|Eric Rutten||Researcher at INRIA||+33 4 76 61 55 50||web|
|Tayeb Bouhadina||Post-doc||+33 4 76 61 .. ..|
|Xin An||PhD Student
co-advised with A. Gamatie (Lille)
|+33 4 76 61 .. ..|
|Sebastien Guillet||PhD Student
co-advised with F. de Lamotte (Lorient)
|+33 2 97 87 45 60|
|Soguy Geye||Masters student (MOSIG, Grenoble)
co-advised with N. de Palma
NewsThe BZR language works and is available, to program reactive controllers, in a mixed imperative/declarative style
Context: adaptive and reconfigurable computing systems
Computing systems are called adaptive, reconfigurable, or also autonomic, when they feature software and hardware that is able to:
- perform its computing functionality in different ways : configurations, versions, modes, parameters, placements, ...
- perform dynamic commutations between them : adaptation, reconfiguration, transition, migration ...
- decide upon commutations following a strategy, policy, control objective, ...
- perceive its own configuration and external information leading to adaptation: reflexive systems, self-representation, model, events / states, ...
The motivations for adaptation concern generally self-management of aspects like energy/power consumption, battery charge, processor heating, wifi coverage, local communication protocol; tasks and computing resources management (memory, CPU, time); quality of service, variants and versions, user events; variability, at fabrication or over life-time, of multi-processor SoC; dependability, fault-tolerance by switching between redundant processes.
Adaptation can be considered and managed at different levels: application, software infrastructure (middleware, OS), architecture (hardware) or environment. It can also be envisaged at different moments, like design-time (program specialization), deployment-time, and run-time. It can even be considered at a higher level, with adaptation of the controller itself, at run-time, in an upper-level loop changing the adaptation policy itself. This kind of generation of a new controller is especially feasible for slow paced systems e.g., adding a new device in a home system, at a days-scale.
Application domains can be found in: embedded systems, open (sensor networks) or not (safety-critical), domotics and building automation, telecommunications and mobile devices, scientific computation and grid computing, web and service oriented architectures.
Existing techniques for the control of adaptation are very diverse, and can feature ad hoc programming, rule-based systems (with heuristics, learning, AI techniques, ...), analytical and predictive models of the regulation object, ...
We are particularly interested in techniques related to control theory based on models of the dynamics, which can be either continuous, or discrete, or hybrid.
Approach: Model-based Control
Our approach is to apply control techniques based on the behavioral model of reactive automata and the algorithmic techniques of discrete controller synthesis. We consider the problem theoretically and also concretely, and we therefore adopt the synchronous approach to reactive systems: this way we can, on the one hand, rely on synchronous languages as modeling formalism, equipped with compilers and executable code generators, and on the other hand, use an associated effective controller synthesis tool: Sigali. Both are integrated into a programming language, called BZR, and its compiler, as an extension of the Heptagon language. We thus have a complete tool-supported method from control modeling down to concrete execution, considering different execution models, and targetting either software or hardware.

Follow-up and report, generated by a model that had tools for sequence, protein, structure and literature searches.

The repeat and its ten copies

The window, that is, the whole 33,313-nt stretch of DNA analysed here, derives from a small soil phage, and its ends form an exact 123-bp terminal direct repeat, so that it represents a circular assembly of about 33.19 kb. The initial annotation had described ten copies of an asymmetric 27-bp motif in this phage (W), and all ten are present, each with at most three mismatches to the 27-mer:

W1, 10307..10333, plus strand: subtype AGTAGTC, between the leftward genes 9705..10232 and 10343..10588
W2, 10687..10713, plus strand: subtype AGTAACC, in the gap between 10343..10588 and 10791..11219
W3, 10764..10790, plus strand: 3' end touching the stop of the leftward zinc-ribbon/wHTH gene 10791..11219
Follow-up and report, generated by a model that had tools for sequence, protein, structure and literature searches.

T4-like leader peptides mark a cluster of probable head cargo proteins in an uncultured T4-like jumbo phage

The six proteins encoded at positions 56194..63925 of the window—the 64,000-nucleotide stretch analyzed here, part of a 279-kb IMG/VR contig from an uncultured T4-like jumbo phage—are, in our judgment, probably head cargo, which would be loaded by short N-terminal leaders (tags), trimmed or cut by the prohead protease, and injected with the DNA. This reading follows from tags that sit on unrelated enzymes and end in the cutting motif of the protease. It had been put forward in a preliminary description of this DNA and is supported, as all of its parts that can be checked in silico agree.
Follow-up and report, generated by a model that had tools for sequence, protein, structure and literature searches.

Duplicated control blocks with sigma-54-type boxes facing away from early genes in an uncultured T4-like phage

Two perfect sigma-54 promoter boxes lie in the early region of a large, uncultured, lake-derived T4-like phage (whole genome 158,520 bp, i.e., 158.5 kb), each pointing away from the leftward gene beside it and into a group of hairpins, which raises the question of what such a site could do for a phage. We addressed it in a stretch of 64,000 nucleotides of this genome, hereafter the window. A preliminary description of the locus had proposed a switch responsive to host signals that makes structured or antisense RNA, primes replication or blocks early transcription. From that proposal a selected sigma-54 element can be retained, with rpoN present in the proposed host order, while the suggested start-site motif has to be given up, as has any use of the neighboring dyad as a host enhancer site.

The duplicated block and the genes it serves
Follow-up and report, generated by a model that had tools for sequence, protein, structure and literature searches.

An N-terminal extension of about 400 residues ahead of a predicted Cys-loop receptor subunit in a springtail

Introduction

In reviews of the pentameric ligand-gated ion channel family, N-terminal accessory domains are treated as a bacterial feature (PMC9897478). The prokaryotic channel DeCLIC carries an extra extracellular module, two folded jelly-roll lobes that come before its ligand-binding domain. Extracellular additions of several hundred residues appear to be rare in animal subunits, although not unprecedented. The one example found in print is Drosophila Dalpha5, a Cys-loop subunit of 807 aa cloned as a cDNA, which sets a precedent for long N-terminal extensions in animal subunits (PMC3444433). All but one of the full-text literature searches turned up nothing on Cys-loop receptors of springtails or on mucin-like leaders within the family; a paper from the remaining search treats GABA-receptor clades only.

This gives us a multi-tier approach to the model-based control of adaptive computing systems, where we can consider the general problem, and contribute on a more specialized topic: to model the discrete behaviours of the system to be regulated, and to obtain a correct controller by automated synthesis.
The originality of our approach is in the emerging nature of this topic in computer science, which is appearing in soft-, hard- and middleware. It represents a new combination of existing approaches in :
- operating systems and middleware
- (discrete) control theory
- formal methods and tools, as a link between the two.
ActivitiesWe currently have the following activities and contacts on the different aspects of our approach:
- discrete controller synthesis (DCS): cooperation with Herve Marchand (VerTecs, INRIA Rennes)
- optimal DCS on paths: cooperation with VerTecs (INRIA Rennes), Pop Art (INRIA Grenoble) and INSA Lyon
- other DCS techniques (adpative and distributed control): contacts with GIPSA-Lab (H. Alla), ENSI Tunis (M. Yeddes)
- BZR language (with DCS in its compilation) with G. Delaval and VerTecs (INRIA Rennes)
- other synchronous languages: G. Delaval with Synchronics project
- integration with the behavioral ADL in Fractal, in the framework of the Minalogic project MIND
control modelling and execution
- reactive models of adaptation
- adaptative middleware, related to Fractal: in the framework of the Minalogic project MIND
- C implementation (related to Think/Cecilia) in cooperation with ST Microelectronics; Orange labs
- formal model in Alloy
- sequential code generation (C, Java, Caml): G. Delaval
- distributed control: G. delaval and A. Belhadj (MSc ENSI Tunis)
- Orccad (programming environment for control systems): G. Delaval, S. Aboubekr, in cooperation with NeCS (D. Simon) and SED (R. Pissard-Gibollet) et INRIA Grenoble
- virtual machines, in cooperation with N. de Palma, F. Boyer, O.Gruber
- reconfigurable circuits: in relation with RecoMARTE, in the framework of the ANR project FAMOUS, in cooperation with DaRT team at INRIA Lille, and Lab-STICC in Lorient
|Gwenaël Delaval||Post-doc at INRIA; now assistant Prof. at UJF||web|
|Ashutosh Katiyar||intern (from IIT Delhi, India)|
|Soufyane Aboubekr||PhD student|
|Amine Belhadj||Master student (co-advised with ENSI Tunis)|